Part of the deal is also clearing common misconceptions about adopting animals. A brand new infant pet bought at a pet store is believed to be healthier and easier to bond with – both of which are not true according to Chan. “When you adopt, you are more likely to find a healthier pet as most animal shelters do not allow adoption until an animal is old enough. Some pet shops tend to sell animals at a very young age because they would look cuter, and younger pets are sometimes preferred by buyers on the assumption that they can bond with humans more easily. But weaning too young can cause health problems, which may not surface until sometime after the pet is taken home. Animals that are adopted at an older age are equally capable of bonding well with humans – my bunnies were adults when we adopted them and they successfully bonded with us within a short time after their adoption,” she explains. “Another benefit of going to an animal shelter is that they tend to be more transparent about existing health issues of their animals, so you would also know what you are getting,” she adds.
Every adopted bunny gets a certificate!
Adopting the Lifestyle of Adopting
For those looking to adopt animals, spending time with and familiarising yourself with such animals would be a good starting point. Chan believes that adoption is very much a mutual process where the cute looks of the animal are merely a starting point. Ultimately, both the pet and the pet owner’s personalities must be compatible. “There are many NGOs and charities in Hong Kong which provide opportunities for adoption. My recommendation would be to start volunteering at these NGOs and charities – for example, the Lifelong Animal Protection Charity (LAP) and the Hong Kong Paws Foundation,” shares Chan. Besides getting accustomed to abandoned animals, understanding and being able to maintain the level of commitment that adopting an animal entails is also crucial. “I would say that a sense of commitment is the most important thing when keeping pets, bought or adopted. Domesticised animals are not well-equipped to survive in an urban environment without care and for some animals, such as rabbits, they almost always die if abandoned,” she explains. “Pets do require a lot of attention, time and money. For busy lawyers, time commitment may be the most important consideration to think about. I set aside time every day, before and after work, to care for my bunnies. This actually helped me manage my time and achieve a better balance between work and my personal life,” she adds.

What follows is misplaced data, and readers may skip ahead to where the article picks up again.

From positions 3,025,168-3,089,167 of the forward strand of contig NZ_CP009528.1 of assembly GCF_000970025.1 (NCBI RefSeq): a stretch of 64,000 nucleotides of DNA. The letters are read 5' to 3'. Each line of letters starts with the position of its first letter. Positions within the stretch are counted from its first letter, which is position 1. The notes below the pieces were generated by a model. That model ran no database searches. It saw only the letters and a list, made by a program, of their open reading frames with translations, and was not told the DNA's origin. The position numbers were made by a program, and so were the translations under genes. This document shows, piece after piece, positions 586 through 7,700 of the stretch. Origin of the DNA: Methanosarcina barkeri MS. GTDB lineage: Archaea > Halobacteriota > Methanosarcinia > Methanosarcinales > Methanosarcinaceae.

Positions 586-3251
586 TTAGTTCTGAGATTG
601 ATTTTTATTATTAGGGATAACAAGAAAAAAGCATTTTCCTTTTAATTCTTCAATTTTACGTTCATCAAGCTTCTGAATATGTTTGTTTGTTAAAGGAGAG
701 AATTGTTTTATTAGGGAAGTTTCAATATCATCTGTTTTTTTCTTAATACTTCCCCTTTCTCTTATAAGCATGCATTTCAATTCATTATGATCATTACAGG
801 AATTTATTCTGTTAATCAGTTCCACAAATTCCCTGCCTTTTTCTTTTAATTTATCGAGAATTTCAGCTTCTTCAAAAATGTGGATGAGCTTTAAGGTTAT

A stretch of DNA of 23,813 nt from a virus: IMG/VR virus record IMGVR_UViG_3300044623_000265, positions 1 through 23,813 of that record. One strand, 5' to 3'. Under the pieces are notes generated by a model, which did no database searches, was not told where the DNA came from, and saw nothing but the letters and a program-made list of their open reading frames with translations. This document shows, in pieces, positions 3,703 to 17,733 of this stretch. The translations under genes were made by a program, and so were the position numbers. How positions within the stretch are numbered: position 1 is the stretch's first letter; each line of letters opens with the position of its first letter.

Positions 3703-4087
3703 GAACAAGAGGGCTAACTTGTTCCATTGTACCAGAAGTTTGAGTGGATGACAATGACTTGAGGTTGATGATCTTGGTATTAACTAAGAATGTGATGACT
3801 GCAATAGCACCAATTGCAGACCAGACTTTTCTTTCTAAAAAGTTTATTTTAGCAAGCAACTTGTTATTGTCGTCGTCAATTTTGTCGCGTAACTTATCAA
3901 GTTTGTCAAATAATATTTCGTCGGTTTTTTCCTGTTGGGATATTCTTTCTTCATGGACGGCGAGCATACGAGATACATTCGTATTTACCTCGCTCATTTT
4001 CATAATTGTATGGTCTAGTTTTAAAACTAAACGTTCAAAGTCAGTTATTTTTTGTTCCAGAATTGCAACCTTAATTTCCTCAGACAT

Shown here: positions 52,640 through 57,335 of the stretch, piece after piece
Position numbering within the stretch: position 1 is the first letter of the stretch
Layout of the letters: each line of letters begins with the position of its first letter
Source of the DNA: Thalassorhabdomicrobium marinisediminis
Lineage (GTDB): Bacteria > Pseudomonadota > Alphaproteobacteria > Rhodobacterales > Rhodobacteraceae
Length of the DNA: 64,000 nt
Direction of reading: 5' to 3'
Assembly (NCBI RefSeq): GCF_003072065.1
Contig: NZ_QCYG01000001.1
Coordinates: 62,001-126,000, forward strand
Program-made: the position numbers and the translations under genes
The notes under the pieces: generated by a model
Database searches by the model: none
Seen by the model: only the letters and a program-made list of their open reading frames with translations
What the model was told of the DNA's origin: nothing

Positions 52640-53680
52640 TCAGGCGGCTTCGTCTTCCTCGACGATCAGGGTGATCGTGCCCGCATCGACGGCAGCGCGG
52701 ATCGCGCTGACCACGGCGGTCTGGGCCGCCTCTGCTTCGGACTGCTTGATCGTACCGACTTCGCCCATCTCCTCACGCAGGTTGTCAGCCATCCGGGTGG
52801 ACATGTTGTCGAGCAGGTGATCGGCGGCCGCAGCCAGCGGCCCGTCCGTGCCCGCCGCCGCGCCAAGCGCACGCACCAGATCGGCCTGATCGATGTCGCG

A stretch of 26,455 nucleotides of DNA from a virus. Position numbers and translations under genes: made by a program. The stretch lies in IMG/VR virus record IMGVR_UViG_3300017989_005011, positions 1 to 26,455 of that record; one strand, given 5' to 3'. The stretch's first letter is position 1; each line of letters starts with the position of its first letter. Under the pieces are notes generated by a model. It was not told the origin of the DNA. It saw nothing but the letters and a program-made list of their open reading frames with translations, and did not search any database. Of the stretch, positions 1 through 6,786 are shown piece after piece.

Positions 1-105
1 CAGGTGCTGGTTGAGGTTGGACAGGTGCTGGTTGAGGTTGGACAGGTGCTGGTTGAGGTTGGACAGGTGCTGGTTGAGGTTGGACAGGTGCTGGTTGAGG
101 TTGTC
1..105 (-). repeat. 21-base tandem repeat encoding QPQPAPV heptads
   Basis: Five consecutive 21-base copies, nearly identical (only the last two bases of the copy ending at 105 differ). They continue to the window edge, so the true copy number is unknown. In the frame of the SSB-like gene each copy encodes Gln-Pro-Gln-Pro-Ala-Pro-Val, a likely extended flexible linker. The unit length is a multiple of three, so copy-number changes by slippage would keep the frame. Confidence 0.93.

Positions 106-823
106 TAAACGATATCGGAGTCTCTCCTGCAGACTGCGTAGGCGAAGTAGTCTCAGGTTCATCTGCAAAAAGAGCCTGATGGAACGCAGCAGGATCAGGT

In fact, Chan believes lawyers to be particularly suited for animal adoption, given their propensity for details and ability to apply rules. “This is handy when it comes to caring for pets methodologically and observing their health conditions,” she explains. She believes the legal community can get further involved in animal adoption by “holding information sessions with animal shelters to educate members on the ins-and-outs of animal adoption, informal gatherings where members can bring their pets and share their experience with each other, and by providing legal support to those charities that need it.”
Looking back at her experience so far, Chan is certain of one thing - when you adopt a pet, you are actually the one getting selected and adopted by your pet. While we can choose which pet to adopt, the pet itself is very much choosing the person they will trust in their journey towards a better life.
Young Doughy at home (he was about two years old)
Artemis, my family’s first pet.